Zimbabwe’s stock exchange, whose main industrial index has jumped 38 percent this year, plans to sell shares through an initial public offering by the end of 2013, according to the country’s Securities Exchange Commission.
The market value of shares listed on the bourse may nearly double to $10 billion from the current $5.4 billion over the next 12 months as it plans to start automated trading to attract more investors, Chief Executive Officer Tafadzwa Chinamo said in an interview in Lusaka, the capital of neighboring Zambia, where he spoke at a capital markets conference. An IPO might value the ZSE at $15 million to $20 million, he said.
Zimbabwe’s plans come as African bourses record some of the highest growth rates in the world this year. The Ghana Stock Exchange, which began automated trading in 2009, has seen its composite index rally a global-best 47 percent. Nigerian and Kenyan markets are among the top 10 best performers, according to data compiled by Bloomberg.
The ZSE has appointed Imara Holdings Ltd., the Botswana-listed investment bank, and Harare-based Corporate Excellence as financial advisers for its planned share sale, Chinamo said. The move is different from a demutualization, which is commonly done by securities exchanges, because the Zimbabwean government claimed ownership of the bourse since it was established in its current form in 1974, he said.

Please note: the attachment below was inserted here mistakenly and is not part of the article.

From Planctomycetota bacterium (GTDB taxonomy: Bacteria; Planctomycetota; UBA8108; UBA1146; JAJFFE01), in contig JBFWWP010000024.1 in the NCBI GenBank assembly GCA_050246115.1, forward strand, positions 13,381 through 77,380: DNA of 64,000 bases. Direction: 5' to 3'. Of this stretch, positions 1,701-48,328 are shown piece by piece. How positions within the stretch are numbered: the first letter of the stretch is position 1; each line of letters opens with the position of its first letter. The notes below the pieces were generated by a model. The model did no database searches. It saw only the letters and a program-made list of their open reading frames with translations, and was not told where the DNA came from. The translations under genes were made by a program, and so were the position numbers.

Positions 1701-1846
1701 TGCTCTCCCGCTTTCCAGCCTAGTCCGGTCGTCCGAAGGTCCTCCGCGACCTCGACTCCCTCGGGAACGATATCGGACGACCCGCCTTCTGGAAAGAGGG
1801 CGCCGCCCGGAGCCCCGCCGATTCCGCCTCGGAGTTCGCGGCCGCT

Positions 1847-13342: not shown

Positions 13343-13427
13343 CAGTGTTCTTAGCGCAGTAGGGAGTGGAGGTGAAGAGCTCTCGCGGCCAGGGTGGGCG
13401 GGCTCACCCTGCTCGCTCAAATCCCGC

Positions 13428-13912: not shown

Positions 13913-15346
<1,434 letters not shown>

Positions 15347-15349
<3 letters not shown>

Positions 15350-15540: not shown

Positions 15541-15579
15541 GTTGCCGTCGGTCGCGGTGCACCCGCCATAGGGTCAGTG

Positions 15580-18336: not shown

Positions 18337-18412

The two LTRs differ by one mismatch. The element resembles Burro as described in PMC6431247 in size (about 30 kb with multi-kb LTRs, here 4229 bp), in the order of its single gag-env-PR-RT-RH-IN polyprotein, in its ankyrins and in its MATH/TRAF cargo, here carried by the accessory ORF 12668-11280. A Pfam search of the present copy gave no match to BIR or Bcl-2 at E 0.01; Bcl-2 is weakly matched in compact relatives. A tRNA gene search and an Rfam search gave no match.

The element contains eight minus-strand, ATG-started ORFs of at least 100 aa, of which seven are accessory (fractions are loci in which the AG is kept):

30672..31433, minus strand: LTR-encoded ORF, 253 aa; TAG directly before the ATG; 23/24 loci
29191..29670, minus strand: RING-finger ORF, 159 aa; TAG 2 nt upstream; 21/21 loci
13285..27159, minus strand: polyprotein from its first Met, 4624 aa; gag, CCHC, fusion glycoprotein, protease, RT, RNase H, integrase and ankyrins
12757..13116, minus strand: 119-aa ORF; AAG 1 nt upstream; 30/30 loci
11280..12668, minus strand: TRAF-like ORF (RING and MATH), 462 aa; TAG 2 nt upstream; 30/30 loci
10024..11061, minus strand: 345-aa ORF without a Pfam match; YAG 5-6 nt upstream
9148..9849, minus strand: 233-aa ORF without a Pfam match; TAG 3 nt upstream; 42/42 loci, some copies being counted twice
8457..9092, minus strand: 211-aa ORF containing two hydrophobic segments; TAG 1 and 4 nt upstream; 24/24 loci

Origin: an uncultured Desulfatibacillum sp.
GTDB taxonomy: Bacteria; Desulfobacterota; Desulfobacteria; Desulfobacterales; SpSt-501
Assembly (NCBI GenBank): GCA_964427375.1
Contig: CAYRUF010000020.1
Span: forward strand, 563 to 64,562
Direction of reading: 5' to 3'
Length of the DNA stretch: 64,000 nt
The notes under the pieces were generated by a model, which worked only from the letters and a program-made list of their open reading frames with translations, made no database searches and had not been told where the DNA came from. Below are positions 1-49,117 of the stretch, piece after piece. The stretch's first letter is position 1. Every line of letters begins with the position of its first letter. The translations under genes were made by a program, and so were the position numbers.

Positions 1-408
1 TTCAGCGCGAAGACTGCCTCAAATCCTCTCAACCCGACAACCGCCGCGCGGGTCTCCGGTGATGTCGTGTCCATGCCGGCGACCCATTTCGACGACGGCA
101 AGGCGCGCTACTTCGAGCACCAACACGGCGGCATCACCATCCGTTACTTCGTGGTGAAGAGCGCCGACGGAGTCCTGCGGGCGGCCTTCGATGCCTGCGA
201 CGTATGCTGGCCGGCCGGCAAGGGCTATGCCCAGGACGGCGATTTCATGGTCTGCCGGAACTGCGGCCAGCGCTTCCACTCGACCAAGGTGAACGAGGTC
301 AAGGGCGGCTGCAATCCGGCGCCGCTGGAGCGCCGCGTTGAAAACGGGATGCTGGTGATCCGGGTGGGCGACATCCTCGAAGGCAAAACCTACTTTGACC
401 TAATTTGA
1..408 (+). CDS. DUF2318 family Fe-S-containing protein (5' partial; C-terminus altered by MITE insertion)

Along with automation, which will see trading done electronically rather than by hand, holding elections will boost confidence among investors, Chinamo said. The southern African nation is due to hold votes this year, ending a five-year power-sharing agreement between Prime Minister Morgan Tsvangirai’s Movement for Democratic Change party and President Robert Mugabe’s Zimbabwe African National Union-Patriotic Front.
The ZSE Industrials Index, which includes all listed companies apart from four mining stocks, fell for the first time in six days, retreating 0.2 percent to 209.92 by 2:37 p.m. in Harare, Zimbabwe’s capital.